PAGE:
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design which he had long projected, and by which he hoped to recover
his credit, somewhat impaired by his late transactions with the



[MN 1172. State of Ireland.]
As Britain was first peopled from Gaul, so was Ireland probably from
Britain; and the inhabitants of all these countries seem to have been
so many tribes of the Celtae, who derive their origin from an
antiquity that lies far beyond the records of any history or
tradition. The Irish, from the beginning of time, had been buried in
the most profound barbarism and ignorance; and as they were never
conquered, or even invaded by the Romans, from whom all the western
world derived its civility, they continued still in the most rude
state of society, and were distinguished by those vices alone, to
which human nature, not tamed by education, or restrained by laws, is
for ever subject. The small principalities into which they were
divided exercised perpetual rapine and violence against each other;
the uncertain succession of their princes was a continual source of
domestic convulsions; the usual title of each petty sovereign was the
murder of his predecessor; courage and force, though exercised in the
commission of crimes, were more honoured than any pacific virtues; and
the most simple arts of life, even tillage and agriculture, were
almost wholly unknown among them. They had felt the invasions of the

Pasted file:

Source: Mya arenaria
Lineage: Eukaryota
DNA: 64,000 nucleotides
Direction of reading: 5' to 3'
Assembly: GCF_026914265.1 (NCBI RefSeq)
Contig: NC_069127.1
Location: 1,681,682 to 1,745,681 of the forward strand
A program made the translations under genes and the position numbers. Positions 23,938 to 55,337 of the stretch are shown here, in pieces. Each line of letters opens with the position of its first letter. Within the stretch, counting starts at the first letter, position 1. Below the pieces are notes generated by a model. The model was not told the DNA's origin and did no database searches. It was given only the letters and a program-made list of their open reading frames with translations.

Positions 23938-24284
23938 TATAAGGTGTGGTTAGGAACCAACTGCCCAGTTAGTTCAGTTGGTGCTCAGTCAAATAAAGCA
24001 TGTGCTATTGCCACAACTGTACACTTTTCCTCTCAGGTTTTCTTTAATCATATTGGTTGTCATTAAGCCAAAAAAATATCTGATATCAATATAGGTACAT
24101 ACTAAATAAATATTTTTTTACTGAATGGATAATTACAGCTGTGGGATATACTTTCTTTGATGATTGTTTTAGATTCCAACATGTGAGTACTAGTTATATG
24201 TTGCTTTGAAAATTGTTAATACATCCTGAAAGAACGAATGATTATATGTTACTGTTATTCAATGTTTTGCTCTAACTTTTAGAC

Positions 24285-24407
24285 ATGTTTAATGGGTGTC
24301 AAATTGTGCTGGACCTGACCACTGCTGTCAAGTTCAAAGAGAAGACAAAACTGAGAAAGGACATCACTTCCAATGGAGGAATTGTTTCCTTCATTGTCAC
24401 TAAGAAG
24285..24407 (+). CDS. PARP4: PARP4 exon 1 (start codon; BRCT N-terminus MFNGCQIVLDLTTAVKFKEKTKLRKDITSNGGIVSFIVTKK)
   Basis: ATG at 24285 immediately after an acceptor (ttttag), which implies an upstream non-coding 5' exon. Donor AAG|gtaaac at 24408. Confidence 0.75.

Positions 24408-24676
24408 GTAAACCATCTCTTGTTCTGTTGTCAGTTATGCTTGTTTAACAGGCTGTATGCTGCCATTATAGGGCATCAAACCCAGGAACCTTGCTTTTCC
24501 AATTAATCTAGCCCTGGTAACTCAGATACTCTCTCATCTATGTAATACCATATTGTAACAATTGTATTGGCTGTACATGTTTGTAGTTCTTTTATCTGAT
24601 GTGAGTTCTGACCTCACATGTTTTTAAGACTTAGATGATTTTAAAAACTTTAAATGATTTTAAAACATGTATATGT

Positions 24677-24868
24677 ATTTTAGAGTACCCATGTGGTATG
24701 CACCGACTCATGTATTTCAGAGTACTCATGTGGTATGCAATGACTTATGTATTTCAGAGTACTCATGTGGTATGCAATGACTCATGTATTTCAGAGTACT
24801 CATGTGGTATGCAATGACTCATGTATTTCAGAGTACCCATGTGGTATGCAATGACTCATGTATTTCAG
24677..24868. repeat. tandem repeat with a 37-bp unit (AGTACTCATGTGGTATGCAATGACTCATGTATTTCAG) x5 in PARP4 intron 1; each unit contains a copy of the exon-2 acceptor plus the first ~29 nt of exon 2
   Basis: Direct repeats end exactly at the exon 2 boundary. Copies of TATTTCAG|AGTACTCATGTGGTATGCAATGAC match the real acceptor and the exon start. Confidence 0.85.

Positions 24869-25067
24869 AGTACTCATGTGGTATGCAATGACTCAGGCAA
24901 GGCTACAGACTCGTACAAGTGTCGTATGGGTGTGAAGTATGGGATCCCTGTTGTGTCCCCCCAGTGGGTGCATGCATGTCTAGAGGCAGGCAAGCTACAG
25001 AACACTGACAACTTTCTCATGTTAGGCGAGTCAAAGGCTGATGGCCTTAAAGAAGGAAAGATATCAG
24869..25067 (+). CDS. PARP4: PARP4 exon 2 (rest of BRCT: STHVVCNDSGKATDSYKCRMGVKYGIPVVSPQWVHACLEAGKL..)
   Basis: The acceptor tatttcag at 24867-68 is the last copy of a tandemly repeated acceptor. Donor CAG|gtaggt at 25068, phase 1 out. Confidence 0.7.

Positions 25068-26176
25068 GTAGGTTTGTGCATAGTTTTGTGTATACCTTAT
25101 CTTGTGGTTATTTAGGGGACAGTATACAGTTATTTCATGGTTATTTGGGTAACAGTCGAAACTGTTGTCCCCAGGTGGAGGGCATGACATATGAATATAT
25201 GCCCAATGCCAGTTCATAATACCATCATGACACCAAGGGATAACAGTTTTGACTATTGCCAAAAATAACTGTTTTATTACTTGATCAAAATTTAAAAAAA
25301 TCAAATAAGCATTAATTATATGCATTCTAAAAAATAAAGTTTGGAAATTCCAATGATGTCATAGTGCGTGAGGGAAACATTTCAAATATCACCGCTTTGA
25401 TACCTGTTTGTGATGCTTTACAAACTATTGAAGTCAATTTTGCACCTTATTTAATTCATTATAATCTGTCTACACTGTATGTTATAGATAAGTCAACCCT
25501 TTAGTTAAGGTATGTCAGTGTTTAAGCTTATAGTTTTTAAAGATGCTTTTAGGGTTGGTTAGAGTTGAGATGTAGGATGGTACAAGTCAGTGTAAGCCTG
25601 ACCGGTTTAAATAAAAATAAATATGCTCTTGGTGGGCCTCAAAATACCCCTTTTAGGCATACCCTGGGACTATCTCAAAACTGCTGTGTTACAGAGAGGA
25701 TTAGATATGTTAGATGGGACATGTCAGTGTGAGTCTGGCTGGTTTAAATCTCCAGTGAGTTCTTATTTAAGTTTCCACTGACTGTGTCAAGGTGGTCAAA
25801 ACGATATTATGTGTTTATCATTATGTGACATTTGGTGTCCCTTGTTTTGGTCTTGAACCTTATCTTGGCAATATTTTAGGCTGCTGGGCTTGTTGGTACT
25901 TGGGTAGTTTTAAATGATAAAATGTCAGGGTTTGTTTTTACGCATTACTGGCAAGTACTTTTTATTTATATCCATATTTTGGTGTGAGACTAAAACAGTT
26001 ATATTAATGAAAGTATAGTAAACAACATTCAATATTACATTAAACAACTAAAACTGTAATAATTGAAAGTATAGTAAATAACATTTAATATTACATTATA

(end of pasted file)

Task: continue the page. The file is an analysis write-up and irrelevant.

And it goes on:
Danes and the other northern tribes; but these inroads, which had
spread barbarism in other parts of Europe, tended rather to improve
the Irish; and the only towns which were to be found in the island had
been planted along the coast by the freebooters of Norway and Denmark.
The other inhabitants exercised pasturage in the open country; sought
protection from any danger in their forests and morasses; and being
divided by the fiercest animosities against each other, were still
more intent on the means of mutual injury, than on the expedients for
common or even for private interest.

Besides many small tribes, there were in the age of Henry II. five
principal sovereignties in the island, Munster, Leinster, Meath,
Ulster, and Connaught; and as it had been usual for the one or the
other of these to take the lead in their wars, there was commonly some
prince, who seemed, for the time, to act as monarch of Ireland.
Roderic O'Connor, King of Connaught, was then advanced to this dignity
[a]; but his government, ill obeyed even within his own territory,
could not unite the people in any measures either for the
establishment of order, or for defence against foreigners. The
ambition of Henry had, very early in his reign, been moved by the
prospect of these advantages to attempt the subjecting of Ireland; and
a pretence was only wanting to invade a people who, being always
confined to their own island, had never given any reason of complaint
to any of their neighbours. For this purpose, he had recourse to
Rome, which assumed a right to dispose of kingdoms and empires; and,